Birmingham as a city adopts, welcomes and embraces it’s inhabitants regardless of culture and creed and I believe that this is also true of it’s fabric. The less desirable, unattractive underdog buildings are embraced as icons and cherished as testament to the warmth of the city’s
There is no doubt that making Birmingham look beautiful is a challenge. With the right light and the right editing, it is possible. Over the past 12 months I have witnessed a ‘baby-boom’ of talented photographers taking to the streets to capture the hidden beauty of bleak-Birmingham and produce images that Birmingham City Councils marketing department must be salivating at.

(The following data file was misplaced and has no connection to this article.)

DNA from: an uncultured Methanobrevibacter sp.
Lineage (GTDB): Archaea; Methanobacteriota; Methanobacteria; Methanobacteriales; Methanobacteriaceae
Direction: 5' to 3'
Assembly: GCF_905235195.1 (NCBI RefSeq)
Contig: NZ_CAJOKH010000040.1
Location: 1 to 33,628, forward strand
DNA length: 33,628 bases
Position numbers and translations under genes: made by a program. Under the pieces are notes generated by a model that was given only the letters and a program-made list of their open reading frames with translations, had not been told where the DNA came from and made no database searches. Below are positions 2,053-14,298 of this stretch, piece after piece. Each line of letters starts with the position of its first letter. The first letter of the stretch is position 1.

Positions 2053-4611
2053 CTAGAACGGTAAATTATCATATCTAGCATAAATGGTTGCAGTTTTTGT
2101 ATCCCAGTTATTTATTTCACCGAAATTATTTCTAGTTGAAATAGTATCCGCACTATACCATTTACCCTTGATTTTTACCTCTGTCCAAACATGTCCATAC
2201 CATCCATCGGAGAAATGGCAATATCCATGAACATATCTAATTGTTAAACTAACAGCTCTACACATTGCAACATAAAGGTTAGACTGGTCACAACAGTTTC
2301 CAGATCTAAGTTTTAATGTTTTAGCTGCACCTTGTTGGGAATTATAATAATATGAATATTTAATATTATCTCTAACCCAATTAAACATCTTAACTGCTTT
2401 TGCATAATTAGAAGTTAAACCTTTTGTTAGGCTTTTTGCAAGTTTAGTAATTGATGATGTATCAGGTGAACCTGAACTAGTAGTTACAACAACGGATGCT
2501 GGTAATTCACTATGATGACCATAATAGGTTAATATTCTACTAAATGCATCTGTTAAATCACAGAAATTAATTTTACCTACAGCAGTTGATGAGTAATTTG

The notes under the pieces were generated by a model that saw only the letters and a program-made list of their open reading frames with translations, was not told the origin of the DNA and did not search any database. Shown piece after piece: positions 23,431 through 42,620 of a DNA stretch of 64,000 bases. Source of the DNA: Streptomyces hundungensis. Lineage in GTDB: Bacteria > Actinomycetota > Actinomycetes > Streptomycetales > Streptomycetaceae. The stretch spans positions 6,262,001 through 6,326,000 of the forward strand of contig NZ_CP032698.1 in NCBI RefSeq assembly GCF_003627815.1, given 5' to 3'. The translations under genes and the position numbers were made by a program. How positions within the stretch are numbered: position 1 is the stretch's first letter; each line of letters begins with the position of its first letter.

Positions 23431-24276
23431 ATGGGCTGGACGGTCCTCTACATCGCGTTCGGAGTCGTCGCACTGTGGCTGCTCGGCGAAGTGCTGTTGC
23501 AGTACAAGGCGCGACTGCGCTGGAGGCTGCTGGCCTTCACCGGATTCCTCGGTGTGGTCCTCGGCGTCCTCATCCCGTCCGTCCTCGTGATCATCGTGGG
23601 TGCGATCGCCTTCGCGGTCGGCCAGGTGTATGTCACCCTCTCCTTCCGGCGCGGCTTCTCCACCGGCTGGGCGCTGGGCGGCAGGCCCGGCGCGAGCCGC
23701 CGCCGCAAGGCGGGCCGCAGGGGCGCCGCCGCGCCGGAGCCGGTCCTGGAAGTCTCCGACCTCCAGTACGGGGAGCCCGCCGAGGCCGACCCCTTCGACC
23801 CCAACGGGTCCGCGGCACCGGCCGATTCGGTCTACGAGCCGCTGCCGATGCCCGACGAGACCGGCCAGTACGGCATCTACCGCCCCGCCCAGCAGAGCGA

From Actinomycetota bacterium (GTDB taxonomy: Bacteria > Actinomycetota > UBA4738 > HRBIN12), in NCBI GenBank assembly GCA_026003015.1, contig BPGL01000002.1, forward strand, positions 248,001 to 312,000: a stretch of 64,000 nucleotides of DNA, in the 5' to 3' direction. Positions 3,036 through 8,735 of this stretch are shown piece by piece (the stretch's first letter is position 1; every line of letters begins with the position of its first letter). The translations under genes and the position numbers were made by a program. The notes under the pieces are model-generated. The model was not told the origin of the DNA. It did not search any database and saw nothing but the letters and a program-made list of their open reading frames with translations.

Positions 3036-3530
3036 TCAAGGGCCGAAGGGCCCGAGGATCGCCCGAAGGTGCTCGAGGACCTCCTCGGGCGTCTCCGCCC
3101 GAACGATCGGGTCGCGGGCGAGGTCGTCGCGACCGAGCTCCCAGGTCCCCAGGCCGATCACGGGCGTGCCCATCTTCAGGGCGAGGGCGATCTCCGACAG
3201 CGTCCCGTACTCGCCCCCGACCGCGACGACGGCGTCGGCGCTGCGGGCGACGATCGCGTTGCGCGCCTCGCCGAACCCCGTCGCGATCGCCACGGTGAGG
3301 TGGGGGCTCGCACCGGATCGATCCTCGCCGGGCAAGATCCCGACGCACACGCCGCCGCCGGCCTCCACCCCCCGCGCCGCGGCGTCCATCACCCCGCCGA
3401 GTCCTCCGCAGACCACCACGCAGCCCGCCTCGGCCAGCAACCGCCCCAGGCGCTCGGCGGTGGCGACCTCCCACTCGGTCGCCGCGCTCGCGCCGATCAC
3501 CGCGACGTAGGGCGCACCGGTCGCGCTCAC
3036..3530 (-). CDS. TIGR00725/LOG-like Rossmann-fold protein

You only have to search ‘Birmingham’ on Instagram and within a few scrolls of a digit, you will find striking images of the city’s once loathed buildings bathed in hipster filters and fresh life breathed into their concrete lungs. Popular pages such as ‘IgersBirmingham’ and ‘Hiddenbrum’ and many other social media outlets have created intrigue and mystery around the city and have forced people to look at the boxy beauties with new eyes.
Birmingham seems to have reached a tipping point. It may finally be on the brink of shedding it’s ‘ugly-duckling’ image. With redevelopment-a-plenty in the city centre headed by the Grand Central/New Street Station, Paradise Forum development and big plans down the line for HS2, the City may be coming of age with a bright future to look forward to. Riding the crest of this wave will be the photographers, bloggers, former Londonites and all-round hipsters that have seen Birmingham’s true beauty.